“Then I had to go back to the IND. I told them what had happened to me and showed them the charges I had made to the police. They finally apologized to me and I received a residence permit on humanitarian grounds.”

“I was able to find work at Schiphol. Great, but when the employer found out that I was trans, they wanted to know all kinds of details such as: did you have surgery already? They wanted me to use the accessible toilet as my locker room instead of the women’s locker room for almost two years. And by doing so they outed me to colleagues who wondered: what is wrong with her? The sexual harassment and transphobic bullying I experienced almost every day made me feel unsafe, sick and suicidal. I brought in TNN and the Meldpunt Discriminatie and they sent lawyers to the company to ask them why they treated me the way they did.”

“In the end my contract was not extended, probably for reporting about the discrimination. But now I have a Dutch passport and I am registered as a woman. Finally I am recognized as being myself. My new job is going well. It’s so nice if you have the right papers. I can see now how important this is, because you are very vulnerable if you don’t have them. All bad experiences – finding a safe house or asking for help at the police – it’s all because of those false papers. ”

Activism

“I’ve been committed to the rights of trans people for some time now. But those rights aren’t isolated. Migration, domestic violence and racism are also themes. Intersectional, because it all depends on each other. I don’t want people to experience what I have experienced. ”

“My activism didn’t just start in the Netherlands. My family did not accept it when I already felt like a girl three or four years old. They wanted me to change. When I was seven, I moved in with my grandmother who sent me to school and raised me as a girl. That’s why I never really needed a transition. Later on I was able to get hormones with the help of friends in nursing. Things were fine then, but when I was 16 my grandmother died, and I was on my own again. I returned to my family. I could only finish school because my aunt had promised my grandmother to let me. But there was no understanding and acceptance.”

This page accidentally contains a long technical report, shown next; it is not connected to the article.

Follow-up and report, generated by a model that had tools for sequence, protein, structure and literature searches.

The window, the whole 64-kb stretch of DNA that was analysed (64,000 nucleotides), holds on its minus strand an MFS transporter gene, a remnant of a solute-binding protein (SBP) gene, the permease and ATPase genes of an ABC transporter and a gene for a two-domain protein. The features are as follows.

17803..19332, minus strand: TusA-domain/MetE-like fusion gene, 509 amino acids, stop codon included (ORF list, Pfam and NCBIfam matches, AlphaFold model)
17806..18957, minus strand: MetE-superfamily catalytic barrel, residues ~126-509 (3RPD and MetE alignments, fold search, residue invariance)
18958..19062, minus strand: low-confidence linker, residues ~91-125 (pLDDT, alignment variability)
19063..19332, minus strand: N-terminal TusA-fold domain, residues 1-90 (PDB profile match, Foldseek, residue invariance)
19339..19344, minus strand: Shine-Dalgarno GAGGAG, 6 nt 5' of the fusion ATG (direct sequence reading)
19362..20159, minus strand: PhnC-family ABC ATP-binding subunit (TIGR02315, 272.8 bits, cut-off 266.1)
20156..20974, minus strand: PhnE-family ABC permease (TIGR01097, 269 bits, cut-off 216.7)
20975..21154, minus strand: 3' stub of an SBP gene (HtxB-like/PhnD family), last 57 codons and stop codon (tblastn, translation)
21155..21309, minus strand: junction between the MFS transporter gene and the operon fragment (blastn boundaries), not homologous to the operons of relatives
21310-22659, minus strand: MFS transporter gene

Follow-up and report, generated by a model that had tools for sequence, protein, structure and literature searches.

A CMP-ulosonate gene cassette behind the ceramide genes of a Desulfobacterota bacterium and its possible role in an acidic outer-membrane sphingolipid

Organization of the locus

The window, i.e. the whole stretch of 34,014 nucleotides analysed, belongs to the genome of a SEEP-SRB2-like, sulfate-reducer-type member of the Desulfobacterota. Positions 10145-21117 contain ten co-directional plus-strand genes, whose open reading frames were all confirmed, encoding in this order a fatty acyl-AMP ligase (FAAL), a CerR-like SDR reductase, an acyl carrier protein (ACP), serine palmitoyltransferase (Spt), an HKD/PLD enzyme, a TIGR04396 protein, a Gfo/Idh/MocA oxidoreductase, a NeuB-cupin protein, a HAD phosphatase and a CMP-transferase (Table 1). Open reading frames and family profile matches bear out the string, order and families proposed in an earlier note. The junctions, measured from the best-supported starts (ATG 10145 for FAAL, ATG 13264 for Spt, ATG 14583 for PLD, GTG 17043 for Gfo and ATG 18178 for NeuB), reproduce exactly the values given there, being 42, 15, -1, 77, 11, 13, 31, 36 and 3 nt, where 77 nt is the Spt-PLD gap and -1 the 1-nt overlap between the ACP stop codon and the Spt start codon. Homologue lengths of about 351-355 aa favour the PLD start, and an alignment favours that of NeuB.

“Fortunately, there was this nearby hairdresser’s. I went there after school to chat and to help. There were several trans women and they became a kind of family to me. More so than my real family. I found out that I wasn’t the only one who was rejected and disowned by their family. The Society of Transsexual Women of the Philippines helped me when I asked them because I had to appear at school in male uniform and with short hair. The school adjusted its policy. My advocacy for trans rights started with that case.”

“I am now involved with Trans-United, a bi-cultural group that supports migrants. It is very important to help them with doctor’s statements, because they are often on waiting lists and have to fear rejection and deportation. The gatekeeping policy of the authorities here. I am now in the privileged situation that I am Dutch. But there is still a fight against transphobia, racism, misogyny and the vulnerability of bi-cultural trans women.”

“I’ve always been afraid of being misgendered, all those years. But it’s always about the damn papers. And now I want to tell the story, a story that unfortunately many organizations try to whitewash. It’s not the same for us, bi-cultural trans people, as for many others. And then, remember this – my motto – not all girls and women were assigned female at birth.”

Text and photo: Ton van den Born